Damodaran on Valuation: Security Analysis for Investment and Corporate Finance / Edition 1

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Overview

Ideally, the price paid for any asset should reflect the expected cash flow on that asset - but there are two problems that arise in every valuation. The first is that estimating cash flows is an exercise fraught with uncertainty, and the second is that picking the right model to use in valuing an asset is seldom easy. This can lead to significant errors in valuation. Sophisticated practitioners can accurately and consistently determine the value of all types of assets, when they rely on the seasoned advice found in Damodaran on Valuation. This applications-oriented tool covers the full range of available valuation models. It also presents the common elements within these models as well as the subtle variations, debunks the myth concerning their utility, and provides a framework for selecting the right model for any valuation scenario. Damodaran on Valuation systematically examines the three basic approaches to valuation - discounted cash-flow valuation, relative valuation, and contingent claim valuation - and the various models within these broad categories. With the help of numerous real-world examples involving both U.S. and international firms, the book illuminates the purpose of each particular model, its advantages and limitations, the step-by-step process involved in putting the model to work, and the kinds of firms to which it is best applied. Among the tools presented are those designed to estimate the cost of equityincluding the capital cost pricing model and arbitrage pricing model; estimate growth rates - with coverage of how to arrive at a weighted average of growth rates by blending three separate approaches; value equity - focusing on the Gordon Growth Model and the two- and three-stage dividend discount model; measure free cash flows to equity - assets that are carefully delineated from the dividends of most firms; value firms - including free cash flow to firm models, which are especially suited to highly leveraged firms; estimate the value of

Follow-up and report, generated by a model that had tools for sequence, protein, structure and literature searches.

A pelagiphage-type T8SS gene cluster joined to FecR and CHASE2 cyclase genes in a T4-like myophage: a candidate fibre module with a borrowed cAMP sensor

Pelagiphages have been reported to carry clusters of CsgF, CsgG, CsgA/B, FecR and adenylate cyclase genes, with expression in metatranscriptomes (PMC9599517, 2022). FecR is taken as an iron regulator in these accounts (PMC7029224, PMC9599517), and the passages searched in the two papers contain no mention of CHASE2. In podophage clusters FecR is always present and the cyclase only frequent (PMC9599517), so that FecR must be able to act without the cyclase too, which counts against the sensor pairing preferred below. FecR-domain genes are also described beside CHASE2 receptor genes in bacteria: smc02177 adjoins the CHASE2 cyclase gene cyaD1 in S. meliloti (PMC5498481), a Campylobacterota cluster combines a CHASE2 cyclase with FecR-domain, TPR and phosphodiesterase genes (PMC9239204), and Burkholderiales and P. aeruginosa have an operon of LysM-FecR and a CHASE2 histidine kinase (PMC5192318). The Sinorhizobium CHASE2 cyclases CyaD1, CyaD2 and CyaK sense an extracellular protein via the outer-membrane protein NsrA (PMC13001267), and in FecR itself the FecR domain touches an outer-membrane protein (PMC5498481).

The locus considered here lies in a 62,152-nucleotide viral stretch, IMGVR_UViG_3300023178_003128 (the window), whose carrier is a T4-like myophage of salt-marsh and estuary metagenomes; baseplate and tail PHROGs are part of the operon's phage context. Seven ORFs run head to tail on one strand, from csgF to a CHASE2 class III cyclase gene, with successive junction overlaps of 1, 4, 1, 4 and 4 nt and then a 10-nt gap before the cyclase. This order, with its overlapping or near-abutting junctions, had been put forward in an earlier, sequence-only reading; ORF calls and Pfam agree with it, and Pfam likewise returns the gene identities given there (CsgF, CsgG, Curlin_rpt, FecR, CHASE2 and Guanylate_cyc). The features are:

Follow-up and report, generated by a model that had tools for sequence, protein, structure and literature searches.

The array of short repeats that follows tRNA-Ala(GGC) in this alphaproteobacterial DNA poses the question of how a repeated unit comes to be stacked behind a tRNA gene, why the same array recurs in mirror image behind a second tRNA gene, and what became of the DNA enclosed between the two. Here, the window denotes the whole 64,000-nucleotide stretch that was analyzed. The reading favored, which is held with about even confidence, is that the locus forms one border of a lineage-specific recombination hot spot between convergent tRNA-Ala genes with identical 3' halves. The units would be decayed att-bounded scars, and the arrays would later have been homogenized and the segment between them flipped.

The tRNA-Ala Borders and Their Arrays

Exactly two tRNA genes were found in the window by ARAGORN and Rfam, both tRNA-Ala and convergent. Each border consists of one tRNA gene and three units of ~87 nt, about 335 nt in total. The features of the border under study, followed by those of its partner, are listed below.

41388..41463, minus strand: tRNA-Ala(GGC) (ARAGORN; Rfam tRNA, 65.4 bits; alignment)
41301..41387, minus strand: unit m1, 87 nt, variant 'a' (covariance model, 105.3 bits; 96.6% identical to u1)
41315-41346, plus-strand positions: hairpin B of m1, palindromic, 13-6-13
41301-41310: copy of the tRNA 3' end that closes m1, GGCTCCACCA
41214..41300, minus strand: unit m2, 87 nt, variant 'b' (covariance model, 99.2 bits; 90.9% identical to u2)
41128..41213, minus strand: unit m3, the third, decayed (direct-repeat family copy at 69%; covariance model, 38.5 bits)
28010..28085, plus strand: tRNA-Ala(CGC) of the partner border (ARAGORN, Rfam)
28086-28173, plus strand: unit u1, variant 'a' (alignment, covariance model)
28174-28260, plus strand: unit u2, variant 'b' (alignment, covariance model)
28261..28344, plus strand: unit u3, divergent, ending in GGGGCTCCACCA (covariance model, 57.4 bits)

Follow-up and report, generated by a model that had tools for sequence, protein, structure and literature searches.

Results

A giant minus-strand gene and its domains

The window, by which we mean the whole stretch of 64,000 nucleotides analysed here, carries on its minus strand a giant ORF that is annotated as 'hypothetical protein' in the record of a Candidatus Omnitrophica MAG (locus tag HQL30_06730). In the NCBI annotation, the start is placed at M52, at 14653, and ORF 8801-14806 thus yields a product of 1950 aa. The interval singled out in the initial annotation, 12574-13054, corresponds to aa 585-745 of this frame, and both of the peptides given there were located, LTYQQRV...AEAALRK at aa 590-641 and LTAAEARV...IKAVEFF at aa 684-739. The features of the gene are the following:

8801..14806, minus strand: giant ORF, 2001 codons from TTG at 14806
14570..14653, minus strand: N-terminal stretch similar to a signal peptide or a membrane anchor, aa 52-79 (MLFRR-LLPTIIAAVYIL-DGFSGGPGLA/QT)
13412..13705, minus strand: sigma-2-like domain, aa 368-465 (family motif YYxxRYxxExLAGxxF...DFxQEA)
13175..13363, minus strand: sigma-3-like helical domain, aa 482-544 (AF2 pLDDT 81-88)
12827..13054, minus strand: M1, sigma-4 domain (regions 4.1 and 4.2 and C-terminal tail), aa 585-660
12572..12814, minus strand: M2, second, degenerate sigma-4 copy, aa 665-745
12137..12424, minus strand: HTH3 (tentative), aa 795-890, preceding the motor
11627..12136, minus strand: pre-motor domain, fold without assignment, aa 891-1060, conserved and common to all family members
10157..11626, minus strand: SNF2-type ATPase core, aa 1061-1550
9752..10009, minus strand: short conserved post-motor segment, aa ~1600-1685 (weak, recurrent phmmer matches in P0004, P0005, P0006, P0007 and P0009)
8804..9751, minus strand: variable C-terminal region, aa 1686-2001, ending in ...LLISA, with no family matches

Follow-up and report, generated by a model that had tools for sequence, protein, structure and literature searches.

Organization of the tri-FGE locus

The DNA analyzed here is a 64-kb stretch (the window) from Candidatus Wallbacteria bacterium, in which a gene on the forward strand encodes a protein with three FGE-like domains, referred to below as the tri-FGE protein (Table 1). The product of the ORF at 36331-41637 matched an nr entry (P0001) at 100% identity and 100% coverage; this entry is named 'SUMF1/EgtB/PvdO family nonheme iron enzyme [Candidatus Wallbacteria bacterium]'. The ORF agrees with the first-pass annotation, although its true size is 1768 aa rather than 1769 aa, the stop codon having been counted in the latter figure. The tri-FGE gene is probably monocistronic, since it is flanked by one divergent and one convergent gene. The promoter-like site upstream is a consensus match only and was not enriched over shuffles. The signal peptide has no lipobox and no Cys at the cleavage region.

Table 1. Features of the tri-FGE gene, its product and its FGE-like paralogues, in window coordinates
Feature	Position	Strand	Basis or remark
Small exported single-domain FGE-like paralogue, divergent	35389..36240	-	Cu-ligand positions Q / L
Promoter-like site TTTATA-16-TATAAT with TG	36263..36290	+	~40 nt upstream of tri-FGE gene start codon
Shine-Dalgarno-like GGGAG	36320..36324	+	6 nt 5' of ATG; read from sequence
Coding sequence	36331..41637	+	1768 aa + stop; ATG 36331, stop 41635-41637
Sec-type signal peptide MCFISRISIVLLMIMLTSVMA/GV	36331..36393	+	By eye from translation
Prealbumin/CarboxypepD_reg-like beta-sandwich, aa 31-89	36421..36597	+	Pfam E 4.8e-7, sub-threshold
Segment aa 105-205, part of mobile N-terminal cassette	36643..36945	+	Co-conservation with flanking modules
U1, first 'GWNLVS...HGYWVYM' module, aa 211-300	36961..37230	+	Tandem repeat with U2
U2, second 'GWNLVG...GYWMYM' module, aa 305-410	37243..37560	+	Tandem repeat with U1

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Editorial Reviews

Booknews
Valuation authority Damodaran (finance, NYU) offers an overview of the three basic valuation approaches for investment analysis: discounted cash flow, relative valuation, and contingent claim valuation. He shows how to apply the models within these classes by using case studies of actual firms, and also explains the purpose of each model, its pros and cons, the steps involved in applying it, and the types of firms to which it is most suited. Annotation c. Book News, Inc., Portland, OR (booknews.com)
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Product Details

  • ISBN-13: 9780471108979
  • Publisher: Wiley
  • Publication date: 10/21/1994
  • Edition number: 1
  • Pages: 232
  • Product dimensions: 6.00 (w) x 9.00 (h) x 0.53 (d)

Meet the Author

ASWATH DAMODARAN is Professor of Finance at New York University's Leonard N. Stern School of Business. He has been the recipient of numerous awards for outstanding teaching, including New York University's Distinguished Teaching Award. He has also been named one of the nation's top business school teachers by BusinessWeek. Damodaran conducts training courses in corporate finance and valuation at many leading investment banks. He is the author of numerous leading finance books, including the first edition of Damodaran on Valuation, Investment Valuation, Corporate Finance, Investment Management, Investment Philosophies, and Applied Corporate Finance, all published by Wiley.
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Table of Contents

Ch. 1 Introduction to valuation 1
Pt. 1 Discounted cash flow valuation 25
Ch. 2 Estimating discount rates 27
Ch. 3 Measuring cash flows 79
Ch. 4 Forecasting cash flows 117
Ch. 5 Equity discounted cash flow models 157
Ch. 6 Firm valuation models 193
Pt. 2 Relative valuation 231
Ch. 7 Relative valuation : first principles 233
Ch. 8 Equity multiples 255
Ch. 9 Value multiples 295
Ch. 10 Cash, cross holdings, and other assets 327
Ch. 11 Employee equity options and compensation 369
Ch. 12 The value of intangibles 407
Ch. 13 The value of control 457
Ch. 14 The value of liquidity 497
Ch. 15 The value of synergy 541
Ch. 16 The value of transparency 575
Ch. 17 The cost of distress 611
Ch. 18 Closing thoughts 648
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